Typescript is fantastic, it increases my productivity massively. But there is one thing that has always felt a bit off, using class functions as callbacks.

class foo {
public constructor() {
functionExpectingACallback(this.onSomethingHappened);
}
private onSomethingHappened() {

}
}

This code snippet will work and onSomethingHappened will be executed, but the this context might not be the class context. There are of course some ways around it like.

...
public constructor() {
functionExpectingACallback(this.onSomethingHappened.bind(this));
}
...

Or

...
public constructor() {
functionExpectingACallback(()=> { this.onSomethingHappened(); });
}
...

But both of those feels rather verbose or unnecessary. This is where our neat little solution comes in. What if we use a typescript arrow function which will automatically capture the this context for us, but instead of wrapping our class function, it is our class function.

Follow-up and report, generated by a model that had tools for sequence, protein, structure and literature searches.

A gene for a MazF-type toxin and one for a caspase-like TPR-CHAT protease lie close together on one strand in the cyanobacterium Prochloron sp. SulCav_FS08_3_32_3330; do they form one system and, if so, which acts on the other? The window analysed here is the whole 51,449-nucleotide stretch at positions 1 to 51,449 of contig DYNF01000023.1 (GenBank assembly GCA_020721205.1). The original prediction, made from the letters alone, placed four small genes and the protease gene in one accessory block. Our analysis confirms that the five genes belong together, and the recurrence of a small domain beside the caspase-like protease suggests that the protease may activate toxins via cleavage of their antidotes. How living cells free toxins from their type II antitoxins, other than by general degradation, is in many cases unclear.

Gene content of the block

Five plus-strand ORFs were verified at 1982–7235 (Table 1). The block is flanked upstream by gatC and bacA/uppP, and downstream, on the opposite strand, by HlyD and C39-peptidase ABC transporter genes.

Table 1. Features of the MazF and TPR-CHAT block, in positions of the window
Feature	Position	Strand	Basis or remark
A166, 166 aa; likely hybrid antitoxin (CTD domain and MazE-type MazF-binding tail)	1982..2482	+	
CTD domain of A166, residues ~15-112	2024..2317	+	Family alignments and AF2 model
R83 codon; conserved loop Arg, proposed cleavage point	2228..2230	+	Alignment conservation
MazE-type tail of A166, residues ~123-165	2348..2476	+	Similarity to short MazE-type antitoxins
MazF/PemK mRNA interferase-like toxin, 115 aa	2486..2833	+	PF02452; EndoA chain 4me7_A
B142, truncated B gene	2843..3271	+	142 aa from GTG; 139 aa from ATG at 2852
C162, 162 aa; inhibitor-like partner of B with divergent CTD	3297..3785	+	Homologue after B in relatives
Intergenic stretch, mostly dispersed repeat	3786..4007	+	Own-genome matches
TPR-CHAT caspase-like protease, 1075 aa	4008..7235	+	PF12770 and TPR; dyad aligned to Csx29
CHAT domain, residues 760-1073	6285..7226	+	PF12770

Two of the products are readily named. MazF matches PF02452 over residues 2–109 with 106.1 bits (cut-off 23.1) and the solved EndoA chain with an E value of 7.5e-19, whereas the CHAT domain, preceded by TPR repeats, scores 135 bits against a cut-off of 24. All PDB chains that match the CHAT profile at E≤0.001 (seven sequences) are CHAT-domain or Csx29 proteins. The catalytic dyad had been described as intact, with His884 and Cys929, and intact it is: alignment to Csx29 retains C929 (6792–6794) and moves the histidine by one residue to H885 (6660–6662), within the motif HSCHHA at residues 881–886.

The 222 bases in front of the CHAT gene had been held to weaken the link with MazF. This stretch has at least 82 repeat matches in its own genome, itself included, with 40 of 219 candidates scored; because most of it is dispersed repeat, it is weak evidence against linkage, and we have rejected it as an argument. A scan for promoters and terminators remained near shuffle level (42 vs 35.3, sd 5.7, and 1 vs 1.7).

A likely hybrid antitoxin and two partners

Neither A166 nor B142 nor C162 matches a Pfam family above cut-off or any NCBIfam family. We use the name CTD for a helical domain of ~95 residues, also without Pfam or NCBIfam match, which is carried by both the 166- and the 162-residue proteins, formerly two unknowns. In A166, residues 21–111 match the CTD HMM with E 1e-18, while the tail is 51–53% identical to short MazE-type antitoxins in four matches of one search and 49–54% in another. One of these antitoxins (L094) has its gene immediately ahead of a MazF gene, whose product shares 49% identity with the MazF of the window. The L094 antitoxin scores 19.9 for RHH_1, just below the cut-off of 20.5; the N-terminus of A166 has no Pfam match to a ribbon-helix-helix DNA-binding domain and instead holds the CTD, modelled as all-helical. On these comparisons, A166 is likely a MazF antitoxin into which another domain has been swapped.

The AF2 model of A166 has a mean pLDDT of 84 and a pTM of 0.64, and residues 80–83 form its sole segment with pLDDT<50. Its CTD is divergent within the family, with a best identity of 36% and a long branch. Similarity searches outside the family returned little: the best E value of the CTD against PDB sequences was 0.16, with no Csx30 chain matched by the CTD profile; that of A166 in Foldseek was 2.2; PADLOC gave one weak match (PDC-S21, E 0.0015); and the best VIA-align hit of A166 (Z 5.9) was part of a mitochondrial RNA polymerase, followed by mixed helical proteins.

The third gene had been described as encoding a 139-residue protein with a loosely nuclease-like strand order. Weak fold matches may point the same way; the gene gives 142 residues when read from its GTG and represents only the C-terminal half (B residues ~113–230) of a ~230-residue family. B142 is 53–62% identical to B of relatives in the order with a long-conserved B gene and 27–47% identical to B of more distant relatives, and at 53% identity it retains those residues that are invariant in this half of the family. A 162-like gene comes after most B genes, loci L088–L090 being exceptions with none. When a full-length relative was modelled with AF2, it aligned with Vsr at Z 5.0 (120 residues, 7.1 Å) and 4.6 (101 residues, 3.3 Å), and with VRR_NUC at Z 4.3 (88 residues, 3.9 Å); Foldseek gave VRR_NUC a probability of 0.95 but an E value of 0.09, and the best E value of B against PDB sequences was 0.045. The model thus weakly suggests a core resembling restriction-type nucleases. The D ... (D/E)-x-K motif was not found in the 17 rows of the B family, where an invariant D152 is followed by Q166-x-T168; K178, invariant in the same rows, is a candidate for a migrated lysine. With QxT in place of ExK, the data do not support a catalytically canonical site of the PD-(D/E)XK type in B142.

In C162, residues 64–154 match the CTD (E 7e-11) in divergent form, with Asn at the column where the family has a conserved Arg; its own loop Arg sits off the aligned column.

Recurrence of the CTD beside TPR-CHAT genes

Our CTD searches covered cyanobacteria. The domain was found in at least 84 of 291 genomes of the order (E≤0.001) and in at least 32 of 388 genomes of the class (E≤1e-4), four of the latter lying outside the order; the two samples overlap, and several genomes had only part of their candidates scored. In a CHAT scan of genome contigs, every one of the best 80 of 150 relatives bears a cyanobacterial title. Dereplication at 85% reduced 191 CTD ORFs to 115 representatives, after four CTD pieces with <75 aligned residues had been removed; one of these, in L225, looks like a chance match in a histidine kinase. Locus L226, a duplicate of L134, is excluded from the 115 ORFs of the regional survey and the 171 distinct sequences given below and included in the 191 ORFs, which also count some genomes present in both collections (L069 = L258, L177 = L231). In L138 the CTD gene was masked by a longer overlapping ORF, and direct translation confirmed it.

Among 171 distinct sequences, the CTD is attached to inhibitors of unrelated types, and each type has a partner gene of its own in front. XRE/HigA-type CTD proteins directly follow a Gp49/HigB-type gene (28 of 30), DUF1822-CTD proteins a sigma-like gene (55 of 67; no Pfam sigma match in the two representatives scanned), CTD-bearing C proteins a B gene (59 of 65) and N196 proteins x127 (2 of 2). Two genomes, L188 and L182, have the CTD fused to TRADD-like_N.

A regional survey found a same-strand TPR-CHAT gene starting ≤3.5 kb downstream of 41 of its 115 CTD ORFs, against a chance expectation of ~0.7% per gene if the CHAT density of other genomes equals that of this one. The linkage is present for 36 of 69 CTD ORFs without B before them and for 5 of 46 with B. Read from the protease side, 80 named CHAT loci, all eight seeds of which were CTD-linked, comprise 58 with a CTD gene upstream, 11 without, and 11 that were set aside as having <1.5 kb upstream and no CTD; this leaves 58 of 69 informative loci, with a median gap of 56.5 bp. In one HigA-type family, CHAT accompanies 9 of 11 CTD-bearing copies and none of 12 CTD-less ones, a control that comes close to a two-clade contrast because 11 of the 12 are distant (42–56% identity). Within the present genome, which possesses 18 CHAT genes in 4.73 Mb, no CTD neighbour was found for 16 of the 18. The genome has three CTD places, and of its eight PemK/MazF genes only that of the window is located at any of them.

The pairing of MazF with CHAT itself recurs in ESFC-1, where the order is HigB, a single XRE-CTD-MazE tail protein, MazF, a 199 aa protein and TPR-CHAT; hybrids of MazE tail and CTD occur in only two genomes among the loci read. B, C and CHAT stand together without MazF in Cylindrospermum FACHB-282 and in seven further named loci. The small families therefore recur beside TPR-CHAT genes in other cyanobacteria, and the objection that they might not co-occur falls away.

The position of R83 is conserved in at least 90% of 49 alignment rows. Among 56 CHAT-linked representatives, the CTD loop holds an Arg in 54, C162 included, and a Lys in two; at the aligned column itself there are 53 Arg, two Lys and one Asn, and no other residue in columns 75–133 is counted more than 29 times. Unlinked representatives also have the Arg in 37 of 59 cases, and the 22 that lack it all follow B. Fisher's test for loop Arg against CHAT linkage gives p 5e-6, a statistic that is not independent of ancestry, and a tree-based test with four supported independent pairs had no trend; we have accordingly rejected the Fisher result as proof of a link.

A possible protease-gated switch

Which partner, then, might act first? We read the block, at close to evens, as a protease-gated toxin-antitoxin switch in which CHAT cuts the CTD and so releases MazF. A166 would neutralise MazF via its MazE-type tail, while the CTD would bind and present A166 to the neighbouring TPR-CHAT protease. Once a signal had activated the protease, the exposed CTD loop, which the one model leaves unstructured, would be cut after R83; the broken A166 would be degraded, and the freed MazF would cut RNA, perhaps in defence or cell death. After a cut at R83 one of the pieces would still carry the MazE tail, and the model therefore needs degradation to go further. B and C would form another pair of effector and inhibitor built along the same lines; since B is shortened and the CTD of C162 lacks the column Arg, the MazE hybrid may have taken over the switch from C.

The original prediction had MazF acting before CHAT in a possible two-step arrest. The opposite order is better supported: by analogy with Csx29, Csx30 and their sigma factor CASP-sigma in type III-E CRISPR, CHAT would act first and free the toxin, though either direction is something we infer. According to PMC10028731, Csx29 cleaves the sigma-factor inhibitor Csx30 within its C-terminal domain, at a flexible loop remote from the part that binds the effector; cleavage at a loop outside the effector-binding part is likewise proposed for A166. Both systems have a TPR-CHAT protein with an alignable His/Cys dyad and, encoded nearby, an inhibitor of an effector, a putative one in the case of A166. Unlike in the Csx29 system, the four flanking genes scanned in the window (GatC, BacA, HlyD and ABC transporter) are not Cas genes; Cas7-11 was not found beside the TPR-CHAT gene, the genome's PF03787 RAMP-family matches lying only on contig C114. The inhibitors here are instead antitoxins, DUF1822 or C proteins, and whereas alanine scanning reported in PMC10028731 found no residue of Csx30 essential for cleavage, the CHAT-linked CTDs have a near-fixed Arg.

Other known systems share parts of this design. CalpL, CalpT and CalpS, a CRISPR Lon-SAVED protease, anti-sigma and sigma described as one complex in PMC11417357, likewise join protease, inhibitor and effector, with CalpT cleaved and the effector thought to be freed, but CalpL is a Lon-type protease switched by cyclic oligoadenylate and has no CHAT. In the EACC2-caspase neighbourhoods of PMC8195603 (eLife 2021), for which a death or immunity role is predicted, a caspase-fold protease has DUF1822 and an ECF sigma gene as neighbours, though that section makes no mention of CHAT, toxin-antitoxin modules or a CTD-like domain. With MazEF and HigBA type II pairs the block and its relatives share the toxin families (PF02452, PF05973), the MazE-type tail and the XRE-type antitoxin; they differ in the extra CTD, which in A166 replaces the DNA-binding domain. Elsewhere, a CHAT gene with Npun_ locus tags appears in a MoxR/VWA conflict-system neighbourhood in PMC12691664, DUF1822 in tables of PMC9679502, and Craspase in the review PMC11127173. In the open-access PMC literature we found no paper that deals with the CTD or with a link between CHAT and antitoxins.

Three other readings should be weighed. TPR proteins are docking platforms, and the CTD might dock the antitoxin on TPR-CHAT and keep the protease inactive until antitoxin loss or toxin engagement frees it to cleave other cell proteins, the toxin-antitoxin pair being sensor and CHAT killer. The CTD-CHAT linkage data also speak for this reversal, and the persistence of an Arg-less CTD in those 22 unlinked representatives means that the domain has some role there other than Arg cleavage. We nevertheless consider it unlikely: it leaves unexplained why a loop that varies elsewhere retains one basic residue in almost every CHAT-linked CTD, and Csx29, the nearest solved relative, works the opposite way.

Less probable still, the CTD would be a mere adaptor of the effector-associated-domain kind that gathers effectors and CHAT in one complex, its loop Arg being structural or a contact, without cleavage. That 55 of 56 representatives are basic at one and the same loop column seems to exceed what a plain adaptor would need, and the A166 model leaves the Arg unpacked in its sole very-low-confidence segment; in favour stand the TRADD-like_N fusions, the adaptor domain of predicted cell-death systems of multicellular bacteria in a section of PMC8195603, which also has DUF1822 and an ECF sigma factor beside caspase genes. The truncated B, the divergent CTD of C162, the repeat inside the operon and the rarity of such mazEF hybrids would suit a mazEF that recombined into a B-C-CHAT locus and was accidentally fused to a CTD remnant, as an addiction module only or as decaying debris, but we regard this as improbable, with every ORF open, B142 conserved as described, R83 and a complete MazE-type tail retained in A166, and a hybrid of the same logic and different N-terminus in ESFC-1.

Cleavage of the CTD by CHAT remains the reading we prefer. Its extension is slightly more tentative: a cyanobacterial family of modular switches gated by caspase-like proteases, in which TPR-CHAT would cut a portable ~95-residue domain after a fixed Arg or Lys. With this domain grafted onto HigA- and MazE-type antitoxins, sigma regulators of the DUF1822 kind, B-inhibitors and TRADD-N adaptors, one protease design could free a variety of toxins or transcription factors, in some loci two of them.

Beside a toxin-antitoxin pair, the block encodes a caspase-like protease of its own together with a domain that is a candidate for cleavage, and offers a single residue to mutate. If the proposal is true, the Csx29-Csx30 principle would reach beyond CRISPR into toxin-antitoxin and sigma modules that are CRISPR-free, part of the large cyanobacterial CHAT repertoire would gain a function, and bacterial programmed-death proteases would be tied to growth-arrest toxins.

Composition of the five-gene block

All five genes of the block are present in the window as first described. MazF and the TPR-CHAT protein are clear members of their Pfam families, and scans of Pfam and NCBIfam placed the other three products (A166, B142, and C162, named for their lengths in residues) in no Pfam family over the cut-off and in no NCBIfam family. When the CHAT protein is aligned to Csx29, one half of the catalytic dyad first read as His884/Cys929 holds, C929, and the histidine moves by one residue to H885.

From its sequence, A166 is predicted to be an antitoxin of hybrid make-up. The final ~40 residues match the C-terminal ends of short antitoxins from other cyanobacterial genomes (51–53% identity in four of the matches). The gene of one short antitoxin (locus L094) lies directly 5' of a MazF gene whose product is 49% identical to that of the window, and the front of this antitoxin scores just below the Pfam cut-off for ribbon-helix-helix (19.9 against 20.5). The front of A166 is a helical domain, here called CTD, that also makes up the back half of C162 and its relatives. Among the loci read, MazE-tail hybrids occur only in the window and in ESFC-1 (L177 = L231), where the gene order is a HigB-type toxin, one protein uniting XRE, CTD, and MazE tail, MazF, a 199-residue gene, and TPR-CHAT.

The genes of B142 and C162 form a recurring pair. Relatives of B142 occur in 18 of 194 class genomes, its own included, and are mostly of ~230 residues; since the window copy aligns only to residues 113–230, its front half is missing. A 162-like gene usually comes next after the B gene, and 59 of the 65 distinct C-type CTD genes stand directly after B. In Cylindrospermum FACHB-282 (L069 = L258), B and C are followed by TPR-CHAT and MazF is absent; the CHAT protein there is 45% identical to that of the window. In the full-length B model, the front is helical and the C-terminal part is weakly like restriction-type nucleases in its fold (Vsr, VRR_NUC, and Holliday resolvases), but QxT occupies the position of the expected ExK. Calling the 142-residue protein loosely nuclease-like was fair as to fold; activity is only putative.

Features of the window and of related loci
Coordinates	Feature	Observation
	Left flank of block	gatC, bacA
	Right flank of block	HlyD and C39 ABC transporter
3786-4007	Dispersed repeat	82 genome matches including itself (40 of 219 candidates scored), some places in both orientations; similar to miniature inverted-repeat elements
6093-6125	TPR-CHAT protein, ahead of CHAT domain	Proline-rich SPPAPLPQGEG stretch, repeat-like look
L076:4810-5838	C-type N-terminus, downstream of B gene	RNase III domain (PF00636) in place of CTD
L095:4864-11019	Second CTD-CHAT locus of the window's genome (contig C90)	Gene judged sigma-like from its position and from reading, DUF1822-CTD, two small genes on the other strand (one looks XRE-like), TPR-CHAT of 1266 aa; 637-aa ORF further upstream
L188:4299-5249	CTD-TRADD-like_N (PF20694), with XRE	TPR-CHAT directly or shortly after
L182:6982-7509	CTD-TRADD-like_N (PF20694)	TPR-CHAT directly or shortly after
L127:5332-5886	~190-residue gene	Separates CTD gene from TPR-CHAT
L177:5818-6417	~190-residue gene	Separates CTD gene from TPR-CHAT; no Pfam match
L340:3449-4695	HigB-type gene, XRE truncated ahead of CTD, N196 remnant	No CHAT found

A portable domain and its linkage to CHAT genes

class foo {
public constructor() {
functionExpectingACallback(this.onSomethingHappened);
}
private onSomethingHappened = ()=> {

}
}

Here we have defined our callback outside of the resulting prototype as just a member in our class. What I like about it:

- It's is visually different from the other class functions making it easy to spot that this is a callback function.
- It captures the this context of the class without having to wrap it or using `bind`